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A cautionary tale about polls

There are more poll positions being taken than even Jimmie Johnson could handle right now.  With campaigns offering a variety of takes on polls, I thought I should give you, fair readers, a quick cautionary tale about polls.

A poll is a delicate instrument.  Whenever you want to gauge the public’s opinion, asking 500 people to speak for a million is risky.  For a long time, telephone-based polling was very reliable.  However, the last ten years have seen technology confound pollsters.  No matter who’s polling today, the results are more in doubt than they have been for a long time.  The main reason?  Polling agencies buy calling lists compiled from land-line telephone numbers.  When land line phones are ubiquitous, there’s no problem: everyone has the same chance of being polled. But when more people are going without land lines every day, the number of people able to be polled over the phone shrinks.  Not just young people, although they are the ones most ignored in land line polling.  More and more people are dropping land lines in favor of cell phone-only coverage or voice over internet (VOIP) services.  When you go VOIP or cell-only, your number will not land in a pollster’s bank and therefore you won’t be able to participate.

Add to that the problem of caller ID: most polling agencies use computerized auto-dialers that will likely show up on caller ID as “Unknown Caller” or “Private Number.”  In my household, that’s code for “telemarketer: let the voicemail get it.”  People can avoid polls by not picking up the phone which many people do.  So polls are likely conducted among the people with landlines who don’t mind talking to telemarketers.  The pool of those people is getting constantly smaller, and means we are more likely to get an unrepresentative sample.  When the sample doesn’t represent the larger public’s views, the polls will be shown wrong in voting results.

Today’s Politico has a great story about the Arkansas and California Senate races that makes the point sharper.  Polling firm Research2000 stands accused of falsifying poll results to make challengers Bill Halter and Tom Campbell look stronger in their contests than they actually were.  In Arkansas, the problem was particularly acute because there were no other polls being conducted for public consumption, so the polls basically defined news coverage of the campaign.  Just like in the First Congressional District here, where the SurveyUSA polls have been the frame in which we’ve discussed the race.  If SurveyUSA’s method was wrong, as at least two campaigns believe it was, then we may have some shocking results in August.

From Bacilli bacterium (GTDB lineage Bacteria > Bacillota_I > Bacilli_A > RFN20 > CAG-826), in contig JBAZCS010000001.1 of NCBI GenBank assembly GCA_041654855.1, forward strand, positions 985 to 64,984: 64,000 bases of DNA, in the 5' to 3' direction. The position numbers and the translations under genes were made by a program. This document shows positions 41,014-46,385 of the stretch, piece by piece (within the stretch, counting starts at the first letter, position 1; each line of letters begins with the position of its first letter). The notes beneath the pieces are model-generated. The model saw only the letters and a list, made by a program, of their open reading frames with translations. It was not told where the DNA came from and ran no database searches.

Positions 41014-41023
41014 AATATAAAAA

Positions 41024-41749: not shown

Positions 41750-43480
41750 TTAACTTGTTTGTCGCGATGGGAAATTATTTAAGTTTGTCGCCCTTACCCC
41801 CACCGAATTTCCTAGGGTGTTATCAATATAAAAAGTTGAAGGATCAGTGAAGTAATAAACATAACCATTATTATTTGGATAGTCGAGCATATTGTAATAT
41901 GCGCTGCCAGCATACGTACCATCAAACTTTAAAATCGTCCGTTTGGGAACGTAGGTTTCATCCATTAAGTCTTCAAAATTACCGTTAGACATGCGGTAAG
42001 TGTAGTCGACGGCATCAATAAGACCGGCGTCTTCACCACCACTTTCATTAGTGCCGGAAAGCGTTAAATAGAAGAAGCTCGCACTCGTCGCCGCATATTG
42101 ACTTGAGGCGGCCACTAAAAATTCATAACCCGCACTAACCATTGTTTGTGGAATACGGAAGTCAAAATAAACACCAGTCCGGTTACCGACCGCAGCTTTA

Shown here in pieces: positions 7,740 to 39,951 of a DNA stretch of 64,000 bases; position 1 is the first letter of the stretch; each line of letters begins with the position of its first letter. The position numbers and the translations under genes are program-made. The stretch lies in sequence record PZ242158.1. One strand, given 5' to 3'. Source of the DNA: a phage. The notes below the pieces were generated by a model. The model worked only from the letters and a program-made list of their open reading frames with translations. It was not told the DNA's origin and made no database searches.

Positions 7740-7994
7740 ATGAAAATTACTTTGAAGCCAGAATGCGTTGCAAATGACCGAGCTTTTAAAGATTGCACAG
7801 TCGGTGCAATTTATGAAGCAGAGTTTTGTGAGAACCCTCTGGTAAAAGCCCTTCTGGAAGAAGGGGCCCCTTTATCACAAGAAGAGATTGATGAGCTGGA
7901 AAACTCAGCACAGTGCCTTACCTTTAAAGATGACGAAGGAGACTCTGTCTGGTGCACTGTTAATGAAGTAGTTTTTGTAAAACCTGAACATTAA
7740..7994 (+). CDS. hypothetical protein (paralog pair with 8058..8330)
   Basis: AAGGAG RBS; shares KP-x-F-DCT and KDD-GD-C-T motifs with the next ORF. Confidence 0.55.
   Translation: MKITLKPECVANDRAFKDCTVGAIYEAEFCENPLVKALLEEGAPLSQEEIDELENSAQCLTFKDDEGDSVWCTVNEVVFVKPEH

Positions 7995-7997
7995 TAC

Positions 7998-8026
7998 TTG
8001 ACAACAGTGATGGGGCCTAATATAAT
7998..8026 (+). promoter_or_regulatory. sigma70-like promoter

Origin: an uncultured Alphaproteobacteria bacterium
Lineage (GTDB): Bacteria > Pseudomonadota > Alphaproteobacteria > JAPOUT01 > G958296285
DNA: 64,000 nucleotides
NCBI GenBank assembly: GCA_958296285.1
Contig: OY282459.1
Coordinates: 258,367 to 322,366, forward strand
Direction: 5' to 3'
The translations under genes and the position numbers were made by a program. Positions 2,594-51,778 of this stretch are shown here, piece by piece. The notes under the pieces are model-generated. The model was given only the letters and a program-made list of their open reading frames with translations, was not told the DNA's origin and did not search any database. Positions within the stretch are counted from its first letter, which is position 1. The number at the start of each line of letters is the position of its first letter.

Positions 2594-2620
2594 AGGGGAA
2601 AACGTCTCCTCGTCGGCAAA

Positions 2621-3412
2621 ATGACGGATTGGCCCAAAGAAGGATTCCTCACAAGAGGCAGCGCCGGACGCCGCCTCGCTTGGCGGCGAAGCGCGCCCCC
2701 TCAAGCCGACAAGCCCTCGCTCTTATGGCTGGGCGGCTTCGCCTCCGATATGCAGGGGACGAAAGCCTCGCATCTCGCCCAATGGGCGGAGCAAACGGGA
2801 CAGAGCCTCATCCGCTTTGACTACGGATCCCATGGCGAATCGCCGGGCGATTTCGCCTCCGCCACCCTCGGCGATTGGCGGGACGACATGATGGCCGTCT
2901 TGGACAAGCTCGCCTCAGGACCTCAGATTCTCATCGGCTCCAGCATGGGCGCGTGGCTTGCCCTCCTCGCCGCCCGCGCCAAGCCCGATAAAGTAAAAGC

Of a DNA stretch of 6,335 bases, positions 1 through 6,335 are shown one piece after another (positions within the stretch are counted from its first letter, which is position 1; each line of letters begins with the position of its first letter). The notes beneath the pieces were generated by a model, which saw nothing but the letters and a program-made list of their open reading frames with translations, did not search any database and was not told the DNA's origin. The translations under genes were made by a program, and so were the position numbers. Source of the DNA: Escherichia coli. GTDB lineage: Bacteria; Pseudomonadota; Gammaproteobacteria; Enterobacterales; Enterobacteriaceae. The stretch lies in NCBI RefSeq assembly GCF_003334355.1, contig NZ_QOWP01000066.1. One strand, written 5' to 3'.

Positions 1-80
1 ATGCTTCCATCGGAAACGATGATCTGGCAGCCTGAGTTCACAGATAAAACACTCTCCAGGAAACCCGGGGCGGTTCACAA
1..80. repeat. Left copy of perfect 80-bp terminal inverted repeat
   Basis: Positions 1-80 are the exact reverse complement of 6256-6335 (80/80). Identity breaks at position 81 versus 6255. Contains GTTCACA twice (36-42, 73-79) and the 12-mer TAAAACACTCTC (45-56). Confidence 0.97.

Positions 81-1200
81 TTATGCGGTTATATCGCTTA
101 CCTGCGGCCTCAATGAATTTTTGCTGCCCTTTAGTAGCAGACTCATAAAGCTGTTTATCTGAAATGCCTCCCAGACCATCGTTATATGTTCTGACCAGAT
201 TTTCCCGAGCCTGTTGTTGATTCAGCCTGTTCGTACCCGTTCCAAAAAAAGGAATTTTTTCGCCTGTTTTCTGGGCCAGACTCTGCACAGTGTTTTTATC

The more people (and demographic groups) we exclude, the less likely that 500 person sample represents the views of the general public. We look to polls because of their history of being generally right (election night exit polls excluded) and the absence of other information.  The First District race is an example: the only objective cues reporters have had to access are fundraising numbers and polls.  So those two factors dominate the news coverage.  For all we know, those polls could be bunk.

What does this all mean?  Take these polls with a grain of salt.  Or better yet, a block of salt.  Polls today can show as divergent results as Jerry Moran’s poll that his campaign had him up 26% on Todd Tiahrt, or the new poll commissioned by Tiahrt’s campaign reported on here that shows Tiahrt and Moran at a dead heat.  Competing polls give us at least a bit more to work with, thankfully.  In California, Research2000’s poll was an outlier compared with others, so there was built-in skepticism.  There have been three polls of note in the Senate GOP primary here in Kansas: one each commissioned by the campaigns and the recent SurveyUSA poll that showed Moran up 20 points.  Who to believe?  The campaign-commissioned polls have to be the most suspect, calling both Moran’s and Tiahrt’s results into question. Polls conducted for campaign organizations are often rigged – we call them push polls.   There is no evidence either the Moran or Tiahrt campaign push polled anyone.  Campaign propaganda that masquerades as a poll is still propaganda.  Polls are supposed to be neutral instruments, but they are easy to manipulate and ‘push’ the respondent on the phone to answer in a way the campaign wants.

We must be skeptical and critical of polls because they are far from perfect instruments.  Consumer beware.


About Chapman Rackaway

Associate Professor of Political Science at Fort Hays State University. Hays Daily News and Insight Kansas columnist. Co-author of American Government: Politics and Political Culture (5th Edition).


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